Soon, it will be winter, and people will be kvetching on every outlet about why James Reimer has suddenly turned into a pumpkin. But for now, there's a lot of baseball yet to play. And some fun stuff coming. Let's relax and enjoy it.
Our tenure as a Jays fan: Since 1983. (Our third favourite team, after a few years of loving the Pirates and the Expos, if it matters.) If you feel that the extra six seasons that you spent watching Rico Carty and Rick Cerone makes you more of an authority on the Jays, we'd invite you to start your own blog and stop reading this one. We don't care to bask in the annihilating glow of your contempt for what we do here.
Rogers is rich, but...: Rogers is a billion dollar communications company. They make their money in part because Ted Rogers was astute enough to invest his own money on building the infrastructure that brings the HD images into your homes and the chatter, texts, and everything else into your mobile device. (And if you feel like you're paying too much or there is something unfair about the way they do business, switch. You have alternatives. Even if it is a pocket full of quarters.)
When it comes to baseball: Rogers is not a billion dollar company. Sure, they're able to leverage some additional promotional exposure through the Jays, and they probably won't lose much more than they can stomach on the team. But you're not going to have a corporation's profitable divisions throw money down a hole in order to take a significant financial risk on big name free agents.
Seriously: People are self-interested, and you can't tell us that a senior executive in the cable or broadcast or (especially) the wireless side are going to sign off on creating a budget for the Jays that makes the company less profitable and eats into their personal bonus structure, just because Johnny from Markham wants to sign Prince Fielder.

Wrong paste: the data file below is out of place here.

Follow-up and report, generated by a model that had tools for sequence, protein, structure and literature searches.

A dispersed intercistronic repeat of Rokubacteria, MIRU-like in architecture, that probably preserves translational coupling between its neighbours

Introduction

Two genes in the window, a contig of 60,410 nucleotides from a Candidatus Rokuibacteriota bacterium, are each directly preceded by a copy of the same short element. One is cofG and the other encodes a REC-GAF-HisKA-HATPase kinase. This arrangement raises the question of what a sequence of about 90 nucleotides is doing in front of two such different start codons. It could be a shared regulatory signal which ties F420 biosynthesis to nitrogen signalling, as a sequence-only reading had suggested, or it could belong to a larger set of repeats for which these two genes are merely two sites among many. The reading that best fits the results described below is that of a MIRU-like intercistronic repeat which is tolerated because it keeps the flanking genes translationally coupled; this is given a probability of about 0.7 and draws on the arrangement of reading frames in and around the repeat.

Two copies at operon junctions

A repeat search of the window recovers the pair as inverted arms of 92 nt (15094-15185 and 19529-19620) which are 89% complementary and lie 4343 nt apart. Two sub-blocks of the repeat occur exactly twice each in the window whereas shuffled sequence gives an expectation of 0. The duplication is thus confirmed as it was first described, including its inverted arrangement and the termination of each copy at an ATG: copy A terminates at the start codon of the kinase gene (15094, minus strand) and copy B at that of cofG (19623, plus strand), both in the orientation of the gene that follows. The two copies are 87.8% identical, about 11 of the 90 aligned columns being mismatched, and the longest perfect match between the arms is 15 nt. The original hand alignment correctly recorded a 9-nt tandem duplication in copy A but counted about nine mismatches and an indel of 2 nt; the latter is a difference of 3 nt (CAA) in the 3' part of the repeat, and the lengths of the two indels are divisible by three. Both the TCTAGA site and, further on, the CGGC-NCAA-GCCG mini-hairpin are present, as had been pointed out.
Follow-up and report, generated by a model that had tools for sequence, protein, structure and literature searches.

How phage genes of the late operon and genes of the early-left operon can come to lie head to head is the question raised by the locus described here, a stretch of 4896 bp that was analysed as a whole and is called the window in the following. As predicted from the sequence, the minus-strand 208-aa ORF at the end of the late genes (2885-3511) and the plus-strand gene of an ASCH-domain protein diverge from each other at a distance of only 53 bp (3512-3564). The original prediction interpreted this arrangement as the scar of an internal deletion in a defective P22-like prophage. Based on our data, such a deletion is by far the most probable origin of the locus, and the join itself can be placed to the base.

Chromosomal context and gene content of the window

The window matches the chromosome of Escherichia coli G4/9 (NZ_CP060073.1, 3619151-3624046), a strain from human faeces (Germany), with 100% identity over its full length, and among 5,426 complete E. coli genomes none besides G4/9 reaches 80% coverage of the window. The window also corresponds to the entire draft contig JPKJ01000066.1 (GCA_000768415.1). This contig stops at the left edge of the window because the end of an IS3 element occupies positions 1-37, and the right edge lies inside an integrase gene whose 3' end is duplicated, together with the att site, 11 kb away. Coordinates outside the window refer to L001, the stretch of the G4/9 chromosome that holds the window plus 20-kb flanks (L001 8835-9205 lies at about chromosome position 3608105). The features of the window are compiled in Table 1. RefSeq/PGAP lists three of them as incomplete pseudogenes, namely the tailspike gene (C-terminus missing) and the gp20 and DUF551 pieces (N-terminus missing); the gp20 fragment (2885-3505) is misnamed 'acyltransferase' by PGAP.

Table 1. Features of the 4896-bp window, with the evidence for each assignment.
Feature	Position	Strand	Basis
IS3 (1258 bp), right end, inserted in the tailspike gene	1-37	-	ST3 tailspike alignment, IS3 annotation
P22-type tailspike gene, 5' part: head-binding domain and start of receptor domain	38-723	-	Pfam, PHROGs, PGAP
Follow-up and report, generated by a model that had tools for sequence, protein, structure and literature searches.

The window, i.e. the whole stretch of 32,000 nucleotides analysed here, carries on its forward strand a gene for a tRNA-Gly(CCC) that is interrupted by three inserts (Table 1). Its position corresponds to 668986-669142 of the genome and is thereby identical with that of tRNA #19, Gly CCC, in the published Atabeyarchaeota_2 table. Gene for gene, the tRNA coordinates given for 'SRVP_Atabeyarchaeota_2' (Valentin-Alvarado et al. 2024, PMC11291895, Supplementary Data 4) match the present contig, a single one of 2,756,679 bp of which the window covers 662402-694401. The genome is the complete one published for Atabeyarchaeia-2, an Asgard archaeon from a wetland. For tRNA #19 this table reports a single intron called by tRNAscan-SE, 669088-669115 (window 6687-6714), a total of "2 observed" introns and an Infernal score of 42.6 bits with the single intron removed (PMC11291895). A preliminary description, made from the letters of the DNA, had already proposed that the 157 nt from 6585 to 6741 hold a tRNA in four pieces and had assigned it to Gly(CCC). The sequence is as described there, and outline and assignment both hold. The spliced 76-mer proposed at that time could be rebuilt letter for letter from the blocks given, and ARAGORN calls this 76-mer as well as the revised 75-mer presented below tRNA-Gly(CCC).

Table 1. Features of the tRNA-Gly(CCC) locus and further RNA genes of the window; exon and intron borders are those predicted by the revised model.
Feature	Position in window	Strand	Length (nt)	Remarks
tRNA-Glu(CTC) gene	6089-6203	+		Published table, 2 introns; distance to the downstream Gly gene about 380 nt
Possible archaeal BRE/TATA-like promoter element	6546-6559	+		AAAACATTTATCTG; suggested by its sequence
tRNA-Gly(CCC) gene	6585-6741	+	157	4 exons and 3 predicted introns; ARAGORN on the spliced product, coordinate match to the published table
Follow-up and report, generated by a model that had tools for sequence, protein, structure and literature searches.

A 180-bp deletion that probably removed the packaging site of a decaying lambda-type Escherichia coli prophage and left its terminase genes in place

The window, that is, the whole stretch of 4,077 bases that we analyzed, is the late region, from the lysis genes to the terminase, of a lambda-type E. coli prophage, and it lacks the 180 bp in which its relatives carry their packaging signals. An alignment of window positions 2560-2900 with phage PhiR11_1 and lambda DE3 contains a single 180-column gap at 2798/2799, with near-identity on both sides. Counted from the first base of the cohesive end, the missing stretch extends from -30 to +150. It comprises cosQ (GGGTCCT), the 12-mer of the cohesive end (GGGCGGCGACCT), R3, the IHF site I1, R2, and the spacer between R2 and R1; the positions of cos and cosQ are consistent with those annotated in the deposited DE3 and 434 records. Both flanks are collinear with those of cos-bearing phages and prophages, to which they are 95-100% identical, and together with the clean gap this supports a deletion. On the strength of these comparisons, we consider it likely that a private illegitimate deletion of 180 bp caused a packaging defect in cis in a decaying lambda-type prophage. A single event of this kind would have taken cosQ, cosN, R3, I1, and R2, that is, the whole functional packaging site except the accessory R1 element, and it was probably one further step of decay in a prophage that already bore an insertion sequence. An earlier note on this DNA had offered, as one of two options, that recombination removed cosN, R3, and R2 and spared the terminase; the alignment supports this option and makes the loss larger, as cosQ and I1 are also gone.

The Red Sox and Yankees ARE billion dollar baseball businesses, and so they can make those decisions, and if they mess up, it's on them. If the Jays had, let's say, signed Jason Bay to a deal that would have brought our hometown kid (from the other end of the country) to town to the tune of $16 million over the next four years, only to see him turn into a pumpkin himself. Wouldn't the GM be mocked for such a waste of resources?
Have we all forgotten the Vernon Wells deal?
But the point is that there are other ways to compete with those behemoths. The Tampa Rays have already demonstrated how it can be done. And the Jays can find a way to compete with the big boys without creating a situation where they are a burden to their corporate ownership.
Do we all remember how fun it was to be in ownership limbo?
It's baseball, after all: We're not sure how much longer we've got before someone shuts out the lights and calls it a day for us. We're optimistic that we've got a few decades left. And if we spend the rest of those years and the Jays never quite make it over the hump for any number of reasons, we're not sure that we'll find ourself on our final day begrudging the time that we invested in this team. Baseball's pretty fun. Frustrating, to be sure. But if it ever stops being fun for us to be a Blue Jays fan, we'll just walk away.
The game is the game. Take it for what it is, or don't. But don't curse it because the games don't play out the way you'd like. We had our time at the top, and now we're caught in the middle. But have some faith.
One day, everything is going to sound like a rhapsody.